The cfddns.service file includes two ExecStart lines, one without a specified IP-protocol parameter (default IP4) and the other with the -6 (IP6) parameter. The service will run the cfddns.sh script in default (IP4) mode with specified parameters first and then will run the script again in IP6 mode with specified parameters.
Note: The parameters can be different in each case.
Only update A records Update mail.example.com A record with the current IP of this machine and log results to /var/log/cfddns.log.
[Service] Type=oneshot ExecStart=/usr/local/bin/cfddns.sh -f /root/accountDetails.cloudflare -r mail.example.com -l /var/log/cfddns.log ...
Only update AAAA records Update git.example.com and mail.example.com AAAA records with the current IP6 address of this machine. Log will be stored in the same directory as the script file (/usr/local/bin).
[Service] Type=oneshot ExecStart=/usr/local/bin/cfddns.sh -6 -f /home/johndoe/account.details -r git.example.com -r mail.example.com ...
Update A records then AAAA records Update mail.example.com A record with current IP address of this machine and write to log file stored at /var/log/DDNS_IP4.log. Then, update both mail.example.com and git.example.com AAAA records with current IP address of this machine and write to log file at /var/log/DDNS_IP6.log.
[Service] Type=oneshot ExecStart=/usr/local/bin/cfddns.sh -f /dir1/account.cf -r mail.example.com -l /var/log/DDNS_IP4.log ExecStart=/usr/local/bin/cfddns.sh -6 -f /dir2/cloudflare.details -r mail.example.com -r git.example.com -l /var/log/DDNS_IP6.log ...
This is the timer file that tells your system how often to call the cfddns.service file which runs the cfddns.sh script. By default, the timer is set for 5 minutes after the system boots up (to allow for other processes to initialize even on slower systems like a RasPi) and is then run every 15 minutes thereafter. Remember when setting your timer that CloudFlare limits API calls to 1200 every 5 minutes.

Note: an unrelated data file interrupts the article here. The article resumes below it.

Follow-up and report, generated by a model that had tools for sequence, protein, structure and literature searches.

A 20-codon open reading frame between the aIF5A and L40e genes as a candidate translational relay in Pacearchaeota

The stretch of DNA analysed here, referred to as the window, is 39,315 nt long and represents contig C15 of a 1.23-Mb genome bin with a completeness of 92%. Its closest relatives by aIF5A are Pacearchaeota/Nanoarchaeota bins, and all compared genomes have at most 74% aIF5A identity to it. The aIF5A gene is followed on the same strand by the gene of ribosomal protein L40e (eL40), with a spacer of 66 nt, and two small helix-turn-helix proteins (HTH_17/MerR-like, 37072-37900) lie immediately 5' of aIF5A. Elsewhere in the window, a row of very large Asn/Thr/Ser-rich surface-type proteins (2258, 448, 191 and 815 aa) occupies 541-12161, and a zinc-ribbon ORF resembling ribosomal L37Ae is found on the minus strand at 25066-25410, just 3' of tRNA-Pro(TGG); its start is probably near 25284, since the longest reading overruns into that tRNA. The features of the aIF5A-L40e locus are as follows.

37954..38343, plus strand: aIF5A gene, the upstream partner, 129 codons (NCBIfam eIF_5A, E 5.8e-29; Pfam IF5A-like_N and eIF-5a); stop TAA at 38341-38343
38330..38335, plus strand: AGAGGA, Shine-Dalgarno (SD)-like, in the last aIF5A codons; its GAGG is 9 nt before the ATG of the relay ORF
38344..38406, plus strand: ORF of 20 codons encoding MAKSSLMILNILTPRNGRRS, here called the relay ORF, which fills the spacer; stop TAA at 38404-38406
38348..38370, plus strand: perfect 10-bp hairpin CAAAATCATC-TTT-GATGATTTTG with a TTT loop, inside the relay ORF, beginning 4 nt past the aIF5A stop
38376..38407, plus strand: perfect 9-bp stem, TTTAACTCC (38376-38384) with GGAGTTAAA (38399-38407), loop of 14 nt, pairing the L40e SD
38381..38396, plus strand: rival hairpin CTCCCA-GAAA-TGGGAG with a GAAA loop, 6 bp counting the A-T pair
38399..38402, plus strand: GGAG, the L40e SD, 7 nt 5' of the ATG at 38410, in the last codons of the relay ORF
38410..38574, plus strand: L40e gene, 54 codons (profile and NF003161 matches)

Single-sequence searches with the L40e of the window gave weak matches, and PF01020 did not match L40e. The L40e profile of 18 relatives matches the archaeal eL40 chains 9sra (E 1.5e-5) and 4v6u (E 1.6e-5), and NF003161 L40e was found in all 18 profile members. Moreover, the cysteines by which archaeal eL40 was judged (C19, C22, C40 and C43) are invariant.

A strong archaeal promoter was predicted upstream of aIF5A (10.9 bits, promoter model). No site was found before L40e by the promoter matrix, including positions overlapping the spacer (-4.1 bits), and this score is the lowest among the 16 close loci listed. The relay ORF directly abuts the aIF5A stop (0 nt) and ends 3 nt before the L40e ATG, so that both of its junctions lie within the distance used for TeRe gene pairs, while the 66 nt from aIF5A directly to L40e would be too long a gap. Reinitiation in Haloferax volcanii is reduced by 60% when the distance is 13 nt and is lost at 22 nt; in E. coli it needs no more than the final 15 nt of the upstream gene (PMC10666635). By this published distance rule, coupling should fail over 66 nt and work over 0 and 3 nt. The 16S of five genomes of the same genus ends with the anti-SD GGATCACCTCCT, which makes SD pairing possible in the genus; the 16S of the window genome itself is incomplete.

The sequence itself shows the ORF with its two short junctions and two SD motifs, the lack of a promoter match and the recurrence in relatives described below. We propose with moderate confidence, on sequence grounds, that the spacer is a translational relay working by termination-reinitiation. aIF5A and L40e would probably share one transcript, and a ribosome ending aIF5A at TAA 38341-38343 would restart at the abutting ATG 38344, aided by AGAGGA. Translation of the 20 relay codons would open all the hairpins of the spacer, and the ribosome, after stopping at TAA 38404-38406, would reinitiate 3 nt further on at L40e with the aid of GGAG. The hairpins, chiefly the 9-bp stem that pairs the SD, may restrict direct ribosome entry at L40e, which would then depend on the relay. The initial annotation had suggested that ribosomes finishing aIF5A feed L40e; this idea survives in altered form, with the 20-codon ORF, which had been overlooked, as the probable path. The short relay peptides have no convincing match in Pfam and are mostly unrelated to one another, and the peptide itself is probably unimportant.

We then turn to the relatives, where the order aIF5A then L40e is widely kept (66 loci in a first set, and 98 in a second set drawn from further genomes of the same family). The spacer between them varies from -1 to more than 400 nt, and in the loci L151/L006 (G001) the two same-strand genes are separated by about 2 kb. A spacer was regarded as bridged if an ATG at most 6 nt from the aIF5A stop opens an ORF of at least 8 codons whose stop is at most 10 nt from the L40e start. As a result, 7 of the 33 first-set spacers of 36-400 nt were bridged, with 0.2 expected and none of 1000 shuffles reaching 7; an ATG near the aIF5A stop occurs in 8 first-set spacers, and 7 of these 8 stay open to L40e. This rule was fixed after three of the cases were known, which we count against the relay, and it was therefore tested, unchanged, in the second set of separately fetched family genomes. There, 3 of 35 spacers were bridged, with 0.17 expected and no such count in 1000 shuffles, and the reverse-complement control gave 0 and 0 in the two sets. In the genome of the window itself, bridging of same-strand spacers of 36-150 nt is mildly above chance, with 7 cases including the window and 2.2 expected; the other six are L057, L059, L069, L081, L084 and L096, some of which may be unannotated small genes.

You can change the timer by modifying the relevant section of the cfddns.timer file:
[Timer] OnBootSec=5min OnUnitActiveSec=15min
OnBootSec is how long to wait after the system boots up before executing the cfddns.service. OnUnitActiveSec will then wait the specified time from that first (after boot) call or after the timer is explicitly started before calling cfddns.service again. I recommend setting OnUnitActiveSec to a low value (like 2 minutes) for testing then setting it to a more reasonable time (like 15 minutes) after everything is working.
You can start the timer system immediately via systemctl
systemctl start cfddns.timer
and can enable it to start automatically on system start up by typing
systemctl enable cfddns.timer
You can check the status of the timer via systemctl also
systemctl status cfddns.timer
It is NOT necessary to enable/start the cfddns.service, only the timer needs to be active.
The script logs every major action it takes and provides details on any errors it encounters in the log file (see the above section for details on log file location and name). If errors are encountered, they are colour coded red and an explanation of the error code is provided.
While the log file is as terse as I felt reasonable, you may still want to configure any log-watch programs to further filter things for you so you don't have to review this log as part of your daily routine. To make that easier, the following conventions are observed in the log file and can be used to program your log-watch system:
If you are using the Logwatch package to monitor your system, see the README in the /etc/logwatch folder for details about the pre-configured service files already done for you :-)
Logrotate is pre-installed on standard Debian/Ubuntu distributions and is a great way to automatically rotate your log files and control how many old logs you keep on your system so they don't accumulate and eat up your disk space.
I've included a sample configuration file you can copy to your /etc/logrotate.d/ folder. This file is set up to rotate your logs once a week, keep 3 weeks worth of history (compressed) and delete all logs older than that. The configuration file is located in this git archive at /etc/logrotate.d/cfddns and is fully commented to help you customize it to suit your needs.
I'm by no means an expert in BASH scripting and I only program/script as a hobby when I find stuff that irritates me and no other good solutions seem easily available. So, by all means, please comment, provide feedback and suggestions to make this script better! Thanks, I hope this helps someone else out!
Please check out my blog at https://mytechiethoughts.com where I tackle problems like this all the time and find free/cheap solutions to tech problems.